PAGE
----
Serotonin and norepinephrine help regulate many functions, including mood, emotion, fear, sleep, appetite, sexual behavior, pain response, and attention. Researchers believe low levels of serotonin and norepinephrine (along with other neurotransmitters) contribute to depression. SNRIs help correct this imbalance (Moret, 2011Sahli, 2016).

When used to treat depression, SNRIs take several weeks to become effective. Some people may see improvement in their symptoms within the first two weeks, but it can take six weeks or longer (Machado-Vieira, 2010). Keep this in mind if you don’t see any benefit right away, and continue to take your SNRI each day as prescribed. 

What conditions do SNRIs treat?

SNRIs were originally developed to treat depression, but today they are used for much more. Currently, the U.S. Food and Drug Administration (FDA) approves SNRIs to treat the following conditions (Dhaliwal, 2020Singh, 2020): 

  • Chronic muscle pain 
  • Diabetic peripheral neuropathy (nerve pain associated with diabetes)
  • Fibromyalgia 
  • Generalized anxiety disorder
  • Major depressive disorder 
  • Panic disorder 
  • Social anxiety disorder 

SNRIs can also be used “off-label” to treat other conditions, meaning the FDA didn’t explicitly approve them for those uses. Healthcare providers can prescribe drugs for an unapproved use if they decide that it’s the correct treatment for their patients.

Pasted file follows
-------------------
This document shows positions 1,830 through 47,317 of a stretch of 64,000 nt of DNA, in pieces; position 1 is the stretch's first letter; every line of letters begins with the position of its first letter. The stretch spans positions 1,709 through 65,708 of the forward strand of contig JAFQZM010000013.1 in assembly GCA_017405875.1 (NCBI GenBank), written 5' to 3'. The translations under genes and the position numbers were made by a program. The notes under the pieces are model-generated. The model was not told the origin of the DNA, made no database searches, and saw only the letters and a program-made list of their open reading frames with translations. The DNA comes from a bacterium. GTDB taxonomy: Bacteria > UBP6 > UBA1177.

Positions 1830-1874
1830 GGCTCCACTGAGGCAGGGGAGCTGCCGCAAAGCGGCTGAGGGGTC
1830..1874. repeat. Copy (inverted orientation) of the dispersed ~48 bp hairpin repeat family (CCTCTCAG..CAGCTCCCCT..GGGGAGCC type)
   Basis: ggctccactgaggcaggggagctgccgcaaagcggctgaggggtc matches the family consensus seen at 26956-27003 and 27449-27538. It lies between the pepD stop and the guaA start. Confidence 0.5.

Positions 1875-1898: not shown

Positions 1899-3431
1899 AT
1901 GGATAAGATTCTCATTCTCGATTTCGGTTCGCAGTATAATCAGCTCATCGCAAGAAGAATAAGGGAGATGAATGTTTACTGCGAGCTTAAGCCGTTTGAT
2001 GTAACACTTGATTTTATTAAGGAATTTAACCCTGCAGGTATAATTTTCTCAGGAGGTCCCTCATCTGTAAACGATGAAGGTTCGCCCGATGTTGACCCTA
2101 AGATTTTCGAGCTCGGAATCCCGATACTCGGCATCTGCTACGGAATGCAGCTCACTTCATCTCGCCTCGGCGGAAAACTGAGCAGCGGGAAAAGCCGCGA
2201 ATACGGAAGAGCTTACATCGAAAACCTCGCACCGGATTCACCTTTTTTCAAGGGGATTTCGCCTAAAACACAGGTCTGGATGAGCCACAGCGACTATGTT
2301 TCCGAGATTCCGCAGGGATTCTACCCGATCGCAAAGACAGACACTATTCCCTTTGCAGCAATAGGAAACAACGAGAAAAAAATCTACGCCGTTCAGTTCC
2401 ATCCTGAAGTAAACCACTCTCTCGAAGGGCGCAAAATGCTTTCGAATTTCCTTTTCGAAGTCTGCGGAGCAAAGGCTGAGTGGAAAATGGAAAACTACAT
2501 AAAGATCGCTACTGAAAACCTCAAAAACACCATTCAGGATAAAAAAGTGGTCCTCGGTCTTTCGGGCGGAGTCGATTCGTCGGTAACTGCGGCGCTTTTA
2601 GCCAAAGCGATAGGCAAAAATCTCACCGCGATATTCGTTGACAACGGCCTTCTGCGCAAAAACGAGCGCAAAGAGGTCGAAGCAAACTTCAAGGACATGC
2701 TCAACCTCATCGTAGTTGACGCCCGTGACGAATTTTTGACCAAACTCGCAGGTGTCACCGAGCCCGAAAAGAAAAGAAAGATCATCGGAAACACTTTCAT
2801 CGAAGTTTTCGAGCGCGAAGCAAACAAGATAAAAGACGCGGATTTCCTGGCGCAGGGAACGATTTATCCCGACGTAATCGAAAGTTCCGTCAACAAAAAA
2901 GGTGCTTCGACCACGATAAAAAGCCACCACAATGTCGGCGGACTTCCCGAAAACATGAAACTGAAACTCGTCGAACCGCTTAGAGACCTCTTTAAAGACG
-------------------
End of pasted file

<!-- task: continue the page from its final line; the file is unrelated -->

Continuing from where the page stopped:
Off-label uses for SNRIs include (Dhaliwal, 2020; Singh, 2020):

List of SNRIs

There are currently five FDA-approved SNRIs available in the United States: 

Side effects of SNRIs

SNRIs are generally well tolerated and considered safer than older antidepressant medications. However, all drugs have the potential for side effects, and SNRIs are no exception. 

Nausea is the most common adverse effect reported in studies. Gastrointestinal side effects typically occur within the first few days to weeks after starting an SNRI. They tend to go away with time (Carvalho, 2016). If nausea becomes bothersome, taking your SNRI with food may help. 

Unlike many other antidepressants, SNRIs don’t usually cause significant weight gain. While some people may gain weight, weight loss is actually more common (Dhaliwal, 2020; Singh, 2020). 

Several other side effects may occur while taking SNRIs. Be on the lookout for the following (Dhaliwal, 2020; Singh, 2020):